Finance and Accounting Tips for Your Business

Did you know: The first written text in history was done more than 5,000 years ago and is believed to have belonged to an Accountant who was making a record of supplies. It read, “A total of 29,086 measures of barley were received over the course of 37 months. Signed, Kushim.”

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Financial management involves the planning, organizing, controlling, and monitoring of a business’ resources so as to achieve business objectives. Good financial management is therefore important for the survival and growth of any business but has proven to be a challenge for most small business owners. This can be attributed to the fact that most owner-managers are more adept at handling the operational/technical side of their business, thereby neglecting accounting and finance.

With this in consideration, below are some general guidance tips to guide the financial management of your business.

  1. Have a Clear Business Plan

A business plan will help identify your business activities, how much money you need to finance these activities, and will identify sources of financing. It will also help you keep track of where your business is currently and where it is headed over the next few years.

  1. Keep Up-to-Date & Accurate Accounting Records

Up-to-date records give the owners, employees, investors, and other stakeholders a clear picture of the financial state of the business. One way to achieve this is to automate the capture of invoices and receipts; another way is to link your business’ bank accounts to your accounting software.

Therefore, a good accounting system should help you keep track of expenses, debts, creditors, and save on time and costs. Accounting software automates record-keeping and digitally stores records, making it easier to document and track transactions.



  1. Set up Good Internal Controls

Every business must adhere to a set of rules/accounting standards/financial reporting standards. This provides consistency for the purposes of auditing and taxation.

A lack of/having weak internal controls can expose your business to employee fraud or theft or even lead to legal problems if financial reporting standards are not adequately adhered to.

  1. Monitor Your Books

Regularly review and monitor the bookkeeping done to familiarize yourself with your business’ financial health and identify potential fraud activity in good time. Also closely monitor bank reconciliations and the listing of outstanding invoices to prevent wasteful spending or embezzlement of funds.

  1. Know Your Financial Position

On a day-to-day basis you should know how much money is in your business’ bank accounts, the sales made, levels of stock, and costs or expenditures incurred. This will ensure that you are well aware of your business needs and that you avoid financial difficulties creeping into your business.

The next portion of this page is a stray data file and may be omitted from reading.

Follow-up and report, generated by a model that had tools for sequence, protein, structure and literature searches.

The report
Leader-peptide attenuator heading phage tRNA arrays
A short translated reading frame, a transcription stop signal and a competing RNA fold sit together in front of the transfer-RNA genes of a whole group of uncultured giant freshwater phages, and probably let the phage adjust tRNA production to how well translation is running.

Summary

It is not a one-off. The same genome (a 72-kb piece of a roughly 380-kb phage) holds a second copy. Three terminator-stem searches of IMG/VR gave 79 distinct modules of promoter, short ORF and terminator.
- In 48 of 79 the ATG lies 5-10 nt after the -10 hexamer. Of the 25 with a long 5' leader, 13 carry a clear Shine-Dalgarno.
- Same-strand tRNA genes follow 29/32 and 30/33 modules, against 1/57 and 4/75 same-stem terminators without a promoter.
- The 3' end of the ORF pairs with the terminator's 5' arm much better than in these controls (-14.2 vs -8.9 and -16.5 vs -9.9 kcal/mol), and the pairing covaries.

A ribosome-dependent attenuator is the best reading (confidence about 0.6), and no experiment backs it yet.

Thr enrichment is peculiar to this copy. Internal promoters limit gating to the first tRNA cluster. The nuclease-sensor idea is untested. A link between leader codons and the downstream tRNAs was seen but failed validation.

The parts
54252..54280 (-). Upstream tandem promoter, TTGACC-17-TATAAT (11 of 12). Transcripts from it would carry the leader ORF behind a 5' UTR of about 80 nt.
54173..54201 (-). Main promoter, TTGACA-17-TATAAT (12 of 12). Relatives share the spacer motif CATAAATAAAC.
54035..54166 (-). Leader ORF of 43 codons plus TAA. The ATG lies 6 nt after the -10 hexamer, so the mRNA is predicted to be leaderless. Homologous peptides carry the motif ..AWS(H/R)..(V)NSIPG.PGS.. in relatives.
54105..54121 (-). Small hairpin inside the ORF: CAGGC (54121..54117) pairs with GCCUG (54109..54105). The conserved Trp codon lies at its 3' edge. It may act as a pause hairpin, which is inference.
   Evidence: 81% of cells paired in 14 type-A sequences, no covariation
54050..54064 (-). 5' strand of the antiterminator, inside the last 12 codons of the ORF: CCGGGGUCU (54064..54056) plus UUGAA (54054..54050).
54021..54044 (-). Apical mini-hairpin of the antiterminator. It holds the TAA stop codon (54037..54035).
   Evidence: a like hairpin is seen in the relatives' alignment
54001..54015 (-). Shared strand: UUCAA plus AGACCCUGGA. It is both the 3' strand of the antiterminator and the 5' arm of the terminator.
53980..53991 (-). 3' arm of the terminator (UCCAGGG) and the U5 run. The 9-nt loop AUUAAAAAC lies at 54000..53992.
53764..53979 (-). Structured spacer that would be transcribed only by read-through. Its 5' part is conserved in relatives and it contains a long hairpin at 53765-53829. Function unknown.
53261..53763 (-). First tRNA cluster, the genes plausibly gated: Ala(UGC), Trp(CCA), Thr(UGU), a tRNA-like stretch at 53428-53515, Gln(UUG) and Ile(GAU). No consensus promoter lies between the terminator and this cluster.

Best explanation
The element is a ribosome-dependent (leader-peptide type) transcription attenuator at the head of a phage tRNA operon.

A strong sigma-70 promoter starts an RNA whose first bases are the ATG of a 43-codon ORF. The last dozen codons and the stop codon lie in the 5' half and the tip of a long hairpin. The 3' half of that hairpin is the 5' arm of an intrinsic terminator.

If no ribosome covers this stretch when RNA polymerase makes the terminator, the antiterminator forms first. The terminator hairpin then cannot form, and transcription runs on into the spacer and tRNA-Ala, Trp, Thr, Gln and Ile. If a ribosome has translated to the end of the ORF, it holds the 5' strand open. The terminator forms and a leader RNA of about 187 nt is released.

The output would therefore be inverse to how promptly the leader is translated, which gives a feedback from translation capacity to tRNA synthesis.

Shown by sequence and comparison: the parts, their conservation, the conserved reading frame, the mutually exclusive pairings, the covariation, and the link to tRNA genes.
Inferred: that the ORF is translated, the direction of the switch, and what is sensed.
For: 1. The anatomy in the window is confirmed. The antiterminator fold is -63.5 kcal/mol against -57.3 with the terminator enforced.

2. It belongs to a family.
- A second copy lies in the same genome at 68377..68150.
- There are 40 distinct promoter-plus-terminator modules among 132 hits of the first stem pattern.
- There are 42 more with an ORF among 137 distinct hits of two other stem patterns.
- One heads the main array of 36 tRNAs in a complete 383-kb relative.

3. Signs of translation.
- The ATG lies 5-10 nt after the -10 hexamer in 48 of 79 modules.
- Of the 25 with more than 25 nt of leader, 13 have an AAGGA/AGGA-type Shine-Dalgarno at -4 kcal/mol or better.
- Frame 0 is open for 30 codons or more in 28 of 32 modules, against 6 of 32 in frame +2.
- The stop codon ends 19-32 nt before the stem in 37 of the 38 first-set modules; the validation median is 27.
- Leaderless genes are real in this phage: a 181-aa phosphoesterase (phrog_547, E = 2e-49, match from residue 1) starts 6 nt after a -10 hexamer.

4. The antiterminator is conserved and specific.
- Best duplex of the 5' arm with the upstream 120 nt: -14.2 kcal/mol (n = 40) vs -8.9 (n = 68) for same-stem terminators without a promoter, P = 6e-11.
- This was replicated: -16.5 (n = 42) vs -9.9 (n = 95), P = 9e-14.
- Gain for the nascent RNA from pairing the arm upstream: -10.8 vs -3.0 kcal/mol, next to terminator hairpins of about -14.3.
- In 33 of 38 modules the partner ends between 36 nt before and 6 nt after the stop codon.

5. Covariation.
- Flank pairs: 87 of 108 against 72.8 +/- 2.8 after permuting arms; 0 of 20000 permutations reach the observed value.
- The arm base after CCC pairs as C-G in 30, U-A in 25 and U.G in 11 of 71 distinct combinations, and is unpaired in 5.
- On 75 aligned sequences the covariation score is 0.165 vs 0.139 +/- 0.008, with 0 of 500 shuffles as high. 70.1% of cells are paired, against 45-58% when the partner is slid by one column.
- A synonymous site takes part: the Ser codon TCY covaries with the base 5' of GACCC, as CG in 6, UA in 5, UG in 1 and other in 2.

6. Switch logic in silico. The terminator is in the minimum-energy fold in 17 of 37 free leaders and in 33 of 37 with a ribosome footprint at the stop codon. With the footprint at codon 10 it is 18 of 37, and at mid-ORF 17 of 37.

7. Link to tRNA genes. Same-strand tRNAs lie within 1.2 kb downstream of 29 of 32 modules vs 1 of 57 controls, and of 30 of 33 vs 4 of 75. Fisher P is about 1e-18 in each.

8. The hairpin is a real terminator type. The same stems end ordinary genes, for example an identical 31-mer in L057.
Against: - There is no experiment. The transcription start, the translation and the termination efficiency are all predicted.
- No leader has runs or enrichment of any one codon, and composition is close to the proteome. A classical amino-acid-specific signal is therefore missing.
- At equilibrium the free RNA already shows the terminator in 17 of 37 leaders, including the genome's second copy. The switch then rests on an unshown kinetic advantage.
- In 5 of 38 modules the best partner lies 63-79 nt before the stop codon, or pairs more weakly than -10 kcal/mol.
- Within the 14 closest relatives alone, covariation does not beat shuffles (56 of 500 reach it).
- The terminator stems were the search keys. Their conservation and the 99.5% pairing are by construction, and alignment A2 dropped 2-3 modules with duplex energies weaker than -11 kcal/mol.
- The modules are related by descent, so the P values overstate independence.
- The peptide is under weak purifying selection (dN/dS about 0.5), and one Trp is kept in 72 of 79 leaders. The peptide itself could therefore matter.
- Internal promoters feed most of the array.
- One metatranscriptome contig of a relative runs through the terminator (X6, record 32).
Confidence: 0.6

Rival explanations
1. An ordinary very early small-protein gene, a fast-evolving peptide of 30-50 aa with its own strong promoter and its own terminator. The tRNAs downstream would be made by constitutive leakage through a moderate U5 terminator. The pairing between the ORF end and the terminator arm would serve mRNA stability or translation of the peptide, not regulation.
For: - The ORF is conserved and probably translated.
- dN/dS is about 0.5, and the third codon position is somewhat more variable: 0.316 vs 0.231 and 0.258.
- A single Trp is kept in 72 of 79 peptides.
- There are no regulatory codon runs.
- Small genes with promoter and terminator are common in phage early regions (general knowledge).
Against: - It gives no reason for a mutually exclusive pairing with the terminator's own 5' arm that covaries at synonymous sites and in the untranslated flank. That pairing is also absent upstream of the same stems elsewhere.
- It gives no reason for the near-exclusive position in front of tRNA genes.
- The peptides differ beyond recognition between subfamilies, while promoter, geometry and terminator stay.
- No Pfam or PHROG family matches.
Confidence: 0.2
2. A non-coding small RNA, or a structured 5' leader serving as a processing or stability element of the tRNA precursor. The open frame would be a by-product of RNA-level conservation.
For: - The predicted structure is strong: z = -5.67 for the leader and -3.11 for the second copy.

1. Stock Control

This ensures that the right amount of inventory is available at the right time and that funds are not tied up unnecessarily in dead or slow-moving stock. To achieve this, a system should be in place to track stock levels and alert when levels reach a certain minimum threshold.

  1. Evaluate Business Performance Using Financial Statements

The financial statement shows a company’s income and expenditures to determine profits; the balance sheet gives a snapshot of the assets, liabilities, and shareholders’ equities at a certain point in time; and the statement of cashflows brings together the income statement and the balance sheet to show the inflow and outflow of money and whether the business has sufficient money to meet its current obligations.

  1. Manage Your Accounts Receivables

If the company’s cash is tied up in unpaid invoices, then the business will face cashflow problems, a leading cause of business failure. To avoid this, clearly communicate your credit terms to clients from the onset, promptly issue invoices, and use a computerized credit management system to help keep track of customer accounts.

If the company is struggling to collect its money from debtors, then a change in strategy or payment terms may be necessary to entice the customer. E.g. offering a term of ‘2/10 Net 30’ will mean that if the customer pays the invoice within 10 days, they will receive a 2% discount off the total bill; if not, the terms are full payment due in 30 days.”

  1. Optimize Your Accounts Payable

Accounts payable are a source of cash for your business and this cash can be re-invested in the short-term to earn higher returns. To optimize your accounts payable; take advantage of the credit terms offered by your suppliers and hold on to the cash for as long as is possible, while making sure to take advantage of early payment discounts for vendors who offer them.

  1. Invest in Growth

It is important to always keep an eye on the future by re-investing profits into identified growth opportunities. This will improve customer retention and brand loyalty due to improved products and levels of service, as well as reduced employee turnover as there will be career growth and development.

While investing, it is prudent to keep an eye on the Return on Investment (ROI) to have a clear picture on whether the investment is paying off or whether to discontinue it.

Conclusion: The more often a business reviews its numbers, the better will be its financial health and this will in turn drive long-term success.

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